FHA to Drop Single-Family Loan Limit on Oct. 1
September 1, 2011
September 1, 2011
The Federal Housing Administration (FHA) announced this week that the insurance limit in the highest-cost areas of the country will be reduced starting on Oct. 1. Loan limits in most other parts of the nation will remain unchanged.
The changes, which are required by the Housing and Economic Recovery Act of 2008 (HERA), will lower the “ceiling” for single-property loans in high-cost areas to $625,500, down from $729,750. However, the maximum loan limits in Alaska, Hawaii, Guam and the Virgin Islands may stand at 150% of this ceiling “to account for higher costs of construction,” the FHA said.
The current single-unit loan floor for areas where housing costs are relatively low will remain unchanged at $271,050.
Two-unit dwellings will have a floor of $347,000 and a ceiling of $800,775, while three-unit dwellings will have a floor of $419,425 and a ceiling of $967,950. Four-unit dwellings will have a $521,250 floor and a $1,202,925 ceiling.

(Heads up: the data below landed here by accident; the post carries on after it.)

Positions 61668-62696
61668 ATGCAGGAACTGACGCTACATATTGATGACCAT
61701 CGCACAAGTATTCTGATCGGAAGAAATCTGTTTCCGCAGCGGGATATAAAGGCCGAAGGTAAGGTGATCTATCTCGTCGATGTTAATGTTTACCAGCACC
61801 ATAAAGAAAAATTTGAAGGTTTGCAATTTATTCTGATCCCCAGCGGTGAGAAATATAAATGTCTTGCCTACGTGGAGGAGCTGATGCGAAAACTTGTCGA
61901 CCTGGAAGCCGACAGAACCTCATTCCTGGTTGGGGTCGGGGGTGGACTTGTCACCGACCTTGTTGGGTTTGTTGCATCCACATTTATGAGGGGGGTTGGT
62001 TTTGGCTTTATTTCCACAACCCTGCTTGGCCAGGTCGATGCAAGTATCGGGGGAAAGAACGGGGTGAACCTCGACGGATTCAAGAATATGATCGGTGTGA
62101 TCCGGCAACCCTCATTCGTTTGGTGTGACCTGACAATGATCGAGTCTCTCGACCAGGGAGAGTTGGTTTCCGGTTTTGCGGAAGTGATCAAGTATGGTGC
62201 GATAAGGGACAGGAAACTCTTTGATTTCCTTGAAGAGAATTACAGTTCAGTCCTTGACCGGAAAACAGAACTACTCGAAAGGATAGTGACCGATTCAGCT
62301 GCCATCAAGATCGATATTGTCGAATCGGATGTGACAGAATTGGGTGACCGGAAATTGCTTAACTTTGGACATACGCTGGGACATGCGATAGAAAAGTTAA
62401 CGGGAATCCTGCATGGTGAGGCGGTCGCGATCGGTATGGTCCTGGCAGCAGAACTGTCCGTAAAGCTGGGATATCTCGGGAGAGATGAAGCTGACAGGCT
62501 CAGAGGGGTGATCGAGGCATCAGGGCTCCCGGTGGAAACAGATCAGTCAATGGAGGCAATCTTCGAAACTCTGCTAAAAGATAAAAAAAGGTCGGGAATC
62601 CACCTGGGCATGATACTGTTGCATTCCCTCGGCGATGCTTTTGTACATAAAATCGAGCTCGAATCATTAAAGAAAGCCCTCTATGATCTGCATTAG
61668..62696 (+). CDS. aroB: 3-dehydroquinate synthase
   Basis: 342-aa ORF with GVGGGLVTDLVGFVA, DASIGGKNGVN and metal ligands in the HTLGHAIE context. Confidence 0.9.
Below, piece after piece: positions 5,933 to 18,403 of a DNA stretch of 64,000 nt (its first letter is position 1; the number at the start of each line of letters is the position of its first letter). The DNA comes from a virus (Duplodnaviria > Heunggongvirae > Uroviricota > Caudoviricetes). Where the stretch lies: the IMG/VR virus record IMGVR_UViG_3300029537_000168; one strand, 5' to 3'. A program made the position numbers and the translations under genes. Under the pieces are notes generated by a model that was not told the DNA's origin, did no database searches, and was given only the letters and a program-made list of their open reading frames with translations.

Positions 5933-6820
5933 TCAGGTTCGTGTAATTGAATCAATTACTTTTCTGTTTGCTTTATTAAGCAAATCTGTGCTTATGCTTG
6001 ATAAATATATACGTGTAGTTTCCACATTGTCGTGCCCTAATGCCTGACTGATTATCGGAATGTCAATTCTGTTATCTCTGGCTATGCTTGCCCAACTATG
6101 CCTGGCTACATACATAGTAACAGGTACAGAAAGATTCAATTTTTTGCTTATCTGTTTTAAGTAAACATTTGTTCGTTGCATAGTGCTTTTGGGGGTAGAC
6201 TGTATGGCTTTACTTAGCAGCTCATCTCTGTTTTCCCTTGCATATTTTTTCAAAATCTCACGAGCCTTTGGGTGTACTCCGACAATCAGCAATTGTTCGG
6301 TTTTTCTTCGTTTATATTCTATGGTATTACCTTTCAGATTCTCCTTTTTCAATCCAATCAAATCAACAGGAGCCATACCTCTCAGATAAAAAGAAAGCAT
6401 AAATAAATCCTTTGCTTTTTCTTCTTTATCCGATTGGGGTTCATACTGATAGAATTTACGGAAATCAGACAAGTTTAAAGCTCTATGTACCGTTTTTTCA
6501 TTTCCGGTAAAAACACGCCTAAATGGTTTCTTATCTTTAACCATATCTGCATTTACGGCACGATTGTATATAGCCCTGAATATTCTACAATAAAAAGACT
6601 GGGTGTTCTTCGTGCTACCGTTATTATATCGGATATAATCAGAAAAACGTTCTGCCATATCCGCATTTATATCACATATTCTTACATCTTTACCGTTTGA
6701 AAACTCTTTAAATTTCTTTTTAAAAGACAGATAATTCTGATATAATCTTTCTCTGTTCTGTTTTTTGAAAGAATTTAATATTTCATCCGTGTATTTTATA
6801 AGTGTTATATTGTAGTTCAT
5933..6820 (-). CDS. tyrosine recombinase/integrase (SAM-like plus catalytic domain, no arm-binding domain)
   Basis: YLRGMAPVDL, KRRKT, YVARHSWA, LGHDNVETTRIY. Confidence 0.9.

The mortgage loan limit and maximum claim amount for FHA-insured reverse mortgages will remain unchanged, holding at $625,500.
The loan limit changes are expected to impact borrowers and lenders in 669 counties throughout the nation.
The Homeownership Affordability Act of 2011, which was introduced early this month by Sens. Robert Menendez (D-NJ) and Johnny Isakson (R-Ga.), and co-sponsored by Sen. Dianne Feinstein (D-Calif.), would allow the FHA, Fannie Mae, Freddie Mac, and the Veterans Administration (VA) to guarantee mortgages up to $729,750, or 125% of local median prices for single-family homes, through Dec. 31, 2013.
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